Opposite Day on Earth

By Gabriela V. Everett

It’s your birthday and you don’t get a wish. Those are for everyone else, and they are speaking them aloud—awful things—prayers for thunder and earthquakes that split homes in half; at least  this would stop the family from fighting.

Today, you begin by sleeping. At night, you wake with a clarity unknown to man. You turn on the midnight news: all the politicians wear acrylic nails, hoop earrings, and false lashes; all the politicians hug each other and say, “We agree and, as usual, will do right by the people.”

All the office and service workers are sober. All the teachers are well-rested with their debt and bills paid. The firefighters spend the day with their families. The doctors listen; your psychiatrist stops you mid-sentence and says, “We’re getting you off the pills—I will help you kill your monster,” and pulls a shovel from beneath their sofa.

You drive from the backseat with your bare feet. When the pale, hulking form of a many-eyed passenger flags you down, you nearly break your back trying to stop—the angels are hitchhiking today, and it’s your job to deliver them to safety.

The stock market drops it like it’s hot and everyone cheers. The not-so-gentlemen peel back their wrinkle-free, polyblend suits and burst into song, dancing naked in a circle while lighting their wallets on fire, throwing them upon a makeshift pyre before kissing each other straight on the lips. When they return to their high-rise condos, their spouses will be doing grammar homework, the children sipping wine from skinny, minimalist armchairs.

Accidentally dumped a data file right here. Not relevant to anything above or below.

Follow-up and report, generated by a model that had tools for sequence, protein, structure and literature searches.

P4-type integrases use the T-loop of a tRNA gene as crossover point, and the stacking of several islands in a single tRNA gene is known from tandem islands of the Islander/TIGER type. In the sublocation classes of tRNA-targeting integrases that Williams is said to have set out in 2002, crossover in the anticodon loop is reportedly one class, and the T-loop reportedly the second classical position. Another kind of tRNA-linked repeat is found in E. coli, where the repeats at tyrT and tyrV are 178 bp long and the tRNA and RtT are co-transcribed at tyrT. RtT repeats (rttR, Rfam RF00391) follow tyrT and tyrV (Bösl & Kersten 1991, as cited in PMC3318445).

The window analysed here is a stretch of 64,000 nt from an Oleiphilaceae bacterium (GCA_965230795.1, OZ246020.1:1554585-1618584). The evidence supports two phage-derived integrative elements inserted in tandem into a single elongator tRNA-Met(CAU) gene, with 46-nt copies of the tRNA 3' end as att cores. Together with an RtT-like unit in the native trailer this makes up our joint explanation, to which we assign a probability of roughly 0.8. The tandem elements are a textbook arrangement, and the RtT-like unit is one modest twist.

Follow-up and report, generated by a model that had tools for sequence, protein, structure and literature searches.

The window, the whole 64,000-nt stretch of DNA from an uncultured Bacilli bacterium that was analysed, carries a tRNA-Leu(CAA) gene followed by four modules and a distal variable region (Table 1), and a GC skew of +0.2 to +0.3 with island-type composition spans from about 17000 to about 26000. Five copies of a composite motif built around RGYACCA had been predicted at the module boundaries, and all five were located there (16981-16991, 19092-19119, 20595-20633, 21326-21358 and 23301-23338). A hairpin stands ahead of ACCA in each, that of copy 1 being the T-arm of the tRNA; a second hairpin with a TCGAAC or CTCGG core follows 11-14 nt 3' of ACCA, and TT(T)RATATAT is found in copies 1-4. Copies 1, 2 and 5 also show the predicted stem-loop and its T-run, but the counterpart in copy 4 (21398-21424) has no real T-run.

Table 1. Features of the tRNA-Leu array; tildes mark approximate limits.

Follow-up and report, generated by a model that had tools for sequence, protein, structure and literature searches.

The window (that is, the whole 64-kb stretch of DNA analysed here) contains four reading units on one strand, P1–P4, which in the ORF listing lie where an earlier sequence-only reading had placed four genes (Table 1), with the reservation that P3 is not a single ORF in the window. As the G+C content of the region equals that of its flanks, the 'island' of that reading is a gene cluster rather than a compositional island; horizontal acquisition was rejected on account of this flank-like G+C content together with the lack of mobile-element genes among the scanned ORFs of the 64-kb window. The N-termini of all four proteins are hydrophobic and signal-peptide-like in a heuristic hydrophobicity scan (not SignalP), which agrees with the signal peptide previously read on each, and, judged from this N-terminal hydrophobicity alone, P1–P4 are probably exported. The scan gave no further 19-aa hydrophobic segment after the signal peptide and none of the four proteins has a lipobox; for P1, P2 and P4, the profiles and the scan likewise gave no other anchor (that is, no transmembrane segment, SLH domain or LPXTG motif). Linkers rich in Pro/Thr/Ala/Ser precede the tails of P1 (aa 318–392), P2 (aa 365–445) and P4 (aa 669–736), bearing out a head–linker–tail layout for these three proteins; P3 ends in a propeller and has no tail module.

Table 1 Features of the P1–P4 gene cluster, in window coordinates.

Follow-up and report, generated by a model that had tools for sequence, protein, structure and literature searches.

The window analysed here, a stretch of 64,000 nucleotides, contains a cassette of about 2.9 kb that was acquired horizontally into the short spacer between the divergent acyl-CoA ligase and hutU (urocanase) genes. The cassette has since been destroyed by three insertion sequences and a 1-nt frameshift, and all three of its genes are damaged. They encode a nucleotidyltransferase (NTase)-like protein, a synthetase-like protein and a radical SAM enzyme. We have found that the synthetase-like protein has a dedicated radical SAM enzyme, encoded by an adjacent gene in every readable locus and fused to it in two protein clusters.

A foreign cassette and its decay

When the sun rises in the west, you’re eating with your enemies, grinning ear to ear. You chew your water, drink your salad, enjoying every minute. On the way out, your rival gives you roses and concedes, “I’ve always loved you, you know.” You hug at high noon as the belltower signals the end. You sink your switchblade into your rival’s chest and their blood is rich—redder than the bouquet—sweeter than birthday cake.

About the author

Gabriela V. Everett is a mixed-race, queer writer hailing from Sin City. She possesses a BA in creative writing from Columbia College Chicago and an affinity for coffee at midnight. When she’s not road-raging or reading, she’s hiding secrets in plain sight; they can be found in Allium, Dream Noir, Glyph, Main Squeeze, Hot Pot Magazine, The Museum of Americana, and The Acentos Review. She is currently editorial staff for Mulberry Literary.

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